Court Called Judicial Hellhole; Defenders Blast Complaints

by Mark Friedman  on Monday, Mar. 25, 2013 12:00 am  

Kirk Johnson

Terri Beiner, who teaches civil procedure at the William H. Bowen School of Law at the University of Arkansas in Little Rock, said she would expect the class certification process to be completed within a year. But the process could take longer, she said.

“It depends on how complex the case is,” she said. “Sometimes it takes a little discovery to find the facts you need in order to make the motion, but it is something that happens pretty early on.”

Crushing Discovery

When the Foremost Insurance Co. was sued by the Keil & Goodson and Nix Patterson firms in 2004, Foremost felt the weight of the crushing discovery.

The plaintiffs’ lawyers demanded files dating back to 1996, according to a 2007 article in the Southeast Texas Record, a legal journal.

Judge Johnson granted the request, even though Foremost’s attorney, Richard Griffin of Houston, said it would cost $45 million to produce the more than 600,000 claim files the plaintiffs wanted, the article said. Instead, the company decided to settle.

Griffin told Arkansas Business the company decided to settle because of the discovery fees the company was facing. He couldn’t recall the settlement amount.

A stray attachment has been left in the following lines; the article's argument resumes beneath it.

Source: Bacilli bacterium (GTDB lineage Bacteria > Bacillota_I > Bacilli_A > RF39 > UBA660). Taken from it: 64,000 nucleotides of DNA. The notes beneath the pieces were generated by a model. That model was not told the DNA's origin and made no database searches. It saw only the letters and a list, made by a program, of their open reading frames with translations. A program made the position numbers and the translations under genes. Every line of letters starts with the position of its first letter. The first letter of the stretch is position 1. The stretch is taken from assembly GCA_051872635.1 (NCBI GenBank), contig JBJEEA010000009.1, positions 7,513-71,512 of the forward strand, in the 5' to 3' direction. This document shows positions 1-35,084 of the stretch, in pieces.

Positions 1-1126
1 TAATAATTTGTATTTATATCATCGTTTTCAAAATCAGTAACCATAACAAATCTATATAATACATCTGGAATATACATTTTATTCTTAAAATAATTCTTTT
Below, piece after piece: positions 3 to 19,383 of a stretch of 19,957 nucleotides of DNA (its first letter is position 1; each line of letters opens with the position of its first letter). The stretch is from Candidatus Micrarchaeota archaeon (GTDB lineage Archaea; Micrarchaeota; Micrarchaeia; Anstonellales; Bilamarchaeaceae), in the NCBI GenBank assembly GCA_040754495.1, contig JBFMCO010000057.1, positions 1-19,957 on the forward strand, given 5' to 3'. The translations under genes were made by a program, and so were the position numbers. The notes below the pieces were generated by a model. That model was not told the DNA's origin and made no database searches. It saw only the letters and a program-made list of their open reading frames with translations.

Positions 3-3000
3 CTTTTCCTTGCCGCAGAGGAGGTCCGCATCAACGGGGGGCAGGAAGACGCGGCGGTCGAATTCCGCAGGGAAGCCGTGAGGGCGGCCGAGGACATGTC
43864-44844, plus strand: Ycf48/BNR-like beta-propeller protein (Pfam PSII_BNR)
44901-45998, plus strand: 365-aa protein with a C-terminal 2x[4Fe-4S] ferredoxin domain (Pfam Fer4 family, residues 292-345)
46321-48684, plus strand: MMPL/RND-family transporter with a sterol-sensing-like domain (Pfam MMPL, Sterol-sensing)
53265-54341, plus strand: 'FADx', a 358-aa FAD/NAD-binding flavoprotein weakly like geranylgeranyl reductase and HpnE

“The company decided that it was in its best interest to get a national class-action settlement and continue doing business,” Griffin said. “It was a business decision.”

Companies that don’t settle should brace themselves to spend millions.

To meet a discovery request by the plaintiffs’ attorneys, Farmers Insurance Co. devoted 28,631 man-hours to produce the 55 million pages of claim files at a cost of more than $9 million in 2011. That case was filed in 2004 and it’s unclear if it was ever certified as a class-action. A spokesman for Farmers told Arkansas Business in an email that the case was pending and declined to comment further.

“It is inconceivable that a federal district court would have permitted such abusive” discovery, Rogers, 21st Century’s attorney, said in his brief.

Settlements

 

 

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